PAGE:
US Cancer Centers Embroiled in Chinese Research Thefts

Alicia Ault

February 03, 2020

Academic cancer centers around the United States continue to get caught up in an ever-evolving investigation into researchers — American and Chinese — who did not disclose payments from or the work they did for Chinese institutions while simultaneously accepting taxpayer money through US government grants.

The US Federal Bureau of Investigation (FBI) has been ferreting out researchers it says have acted illegally.

On January 28, the agency arrested Harvard University chemist Charles Lieber and also unveiled charges against Zheng Zaosong, a cancer researcher who is in the United States on a Harvard-sponsored visa.

The FBI said Zheng, who worked at the Harvard-affiliated Beth Israel Deaconess Medical Center, Boston, tried to smuggle 21 vials of biological material and research to China. Zheng was arrested in December at Boston's Logan Airport. He admitted he planned to conduct and publish research in China using the stolen samples, said the FBI.

"All of the individuals charged today were either directly or indirectly working for the Chinese government, at our country's expense," said the agent in charge of the FBI's Boston office, Joseph R. Bonavolonta.

Sen. Charles Grassley (R-IA), who has been pushing for more government action against foreign theft of US research, said in a statement, "I'm glad the FBI appears to be taking foreign threats to taxpayer-funded research seriously, but I fear that this case is only the tip of the iceberg."

The FBI said it is investigating China-related cases in all 50 states.

Ross McKinney, MD, the chief scientific officer at the Association of American Medical Colleges (AAMC), said he is aware of some 200 investigations, not all of which are cancer related, at 70 to 75 institutions.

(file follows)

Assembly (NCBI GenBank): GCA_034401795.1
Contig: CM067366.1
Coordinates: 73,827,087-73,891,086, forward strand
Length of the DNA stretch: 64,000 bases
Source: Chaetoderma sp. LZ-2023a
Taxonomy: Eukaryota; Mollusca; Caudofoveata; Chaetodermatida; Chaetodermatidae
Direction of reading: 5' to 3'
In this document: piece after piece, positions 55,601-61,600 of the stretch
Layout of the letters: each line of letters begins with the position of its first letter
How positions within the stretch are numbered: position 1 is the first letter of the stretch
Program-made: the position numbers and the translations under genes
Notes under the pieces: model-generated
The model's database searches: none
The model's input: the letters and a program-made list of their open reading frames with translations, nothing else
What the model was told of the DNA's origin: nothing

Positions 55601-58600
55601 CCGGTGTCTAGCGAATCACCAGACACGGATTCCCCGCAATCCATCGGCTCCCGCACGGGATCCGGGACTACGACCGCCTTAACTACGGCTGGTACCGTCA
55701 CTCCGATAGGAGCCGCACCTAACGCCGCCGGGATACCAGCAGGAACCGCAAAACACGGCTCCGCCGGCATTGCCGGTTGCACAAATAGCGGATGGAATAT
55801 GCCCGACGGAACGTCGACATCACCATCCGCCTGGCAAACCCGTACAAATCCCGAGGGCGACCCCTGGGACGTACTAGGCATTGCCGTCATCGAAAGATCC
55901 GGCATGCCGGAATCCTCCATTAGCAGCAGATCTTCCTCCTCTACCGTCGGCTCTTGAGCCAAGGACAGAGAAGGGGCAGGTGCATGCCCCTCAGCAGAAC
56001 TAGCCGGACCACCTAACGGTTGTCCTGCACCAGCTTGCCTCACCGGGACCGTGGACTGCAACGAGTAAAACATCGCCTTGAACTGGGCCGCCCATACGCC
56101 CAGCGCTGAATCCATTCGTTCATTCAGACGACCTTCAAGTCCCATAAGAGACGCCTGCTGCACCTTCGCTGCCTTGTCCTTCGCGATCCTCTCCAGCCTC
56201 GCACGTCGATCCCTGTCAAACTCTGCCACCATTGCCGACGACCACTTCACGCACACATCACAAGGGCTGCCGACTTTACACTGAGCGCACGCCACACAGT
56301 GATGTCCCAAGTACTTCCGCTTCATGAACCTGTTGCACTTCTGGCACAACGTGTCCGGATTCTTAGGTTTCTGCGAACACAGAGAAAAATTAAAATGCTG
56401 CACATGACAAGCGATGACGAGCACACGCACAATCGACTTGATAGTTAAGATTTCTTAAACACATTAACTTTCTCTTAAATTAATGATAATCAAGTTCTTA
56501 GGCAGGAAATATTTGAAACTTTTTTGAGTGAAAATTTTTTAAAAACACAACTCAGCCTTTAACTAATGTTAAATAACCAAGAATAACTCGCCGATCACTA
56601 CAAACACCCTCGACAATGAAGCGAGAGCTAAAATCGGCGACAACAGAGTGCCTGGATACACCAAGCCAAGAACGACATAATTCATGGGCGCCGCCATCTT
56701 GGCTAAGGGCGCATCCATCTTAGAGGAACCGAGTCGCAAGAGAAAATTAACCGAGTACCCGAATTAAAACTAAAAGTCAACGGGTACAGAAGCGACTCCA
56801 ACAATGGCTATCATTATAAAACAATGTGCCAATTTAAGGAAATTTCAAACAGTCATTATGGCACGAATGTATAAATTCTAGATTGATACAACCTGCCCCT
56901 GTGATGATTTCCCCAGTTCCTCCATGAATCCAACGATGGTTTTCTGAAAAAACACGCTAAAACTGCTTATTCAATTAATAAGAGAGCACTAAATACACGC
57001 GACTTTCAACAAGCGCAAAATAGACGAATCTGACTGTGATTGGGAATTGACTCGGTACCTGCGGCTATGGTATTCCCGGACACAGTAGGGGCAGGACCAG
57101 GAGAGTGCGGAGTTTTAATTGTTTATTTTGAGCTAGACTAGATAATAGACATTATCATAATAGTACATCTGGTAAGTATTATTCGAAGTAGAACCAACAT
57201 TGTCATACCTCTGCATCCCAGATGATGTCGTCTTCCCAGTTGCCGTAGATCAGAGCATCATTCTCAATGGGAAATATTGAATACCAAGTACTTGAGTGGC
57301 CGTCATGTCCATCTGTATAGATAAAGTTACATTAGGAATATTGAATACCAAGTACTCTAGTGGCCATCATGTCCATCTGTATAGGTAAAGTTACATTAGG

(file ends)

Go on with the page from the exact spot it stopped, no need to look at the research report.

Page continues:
"It's a very ubiquitous problem," McKinney told Medscape Medical News.

He also pointed out that some 6000 National Institutes of Health (NIH)–funded principal investigators are of Asian background. "So that 200 is a pretty small proportion," said McKinney.

The NIH warned some 10,000 institutions in August 2018 that it had uncovered Chinese manipulation of peer review and a lack of disclosure of work for Chinese institutions. It urged the institutions to report irregularities.

For universities, "the trouble is sorting out who is the violator from who is not," said McKinney. He noted that they are not set up to investigate whether someone has a laboratory in China.

"The fact that the Chinese government exploited the fact that universities are typically fairly trusting is extremely disappointing," he said.

Moffitt Story Still Unfolding

The most serious allegations have been leveled against six former employees of the Moffitt Cancer Center and Research Institute in Tampa, Florida.

In December 2019, Moffitt announced that the six — including President and CEO Alan List, MD, and the center director, Thomas Sellers, PhD — had left Moffitt as a result of "violations of conflict of interest rules through their work in China."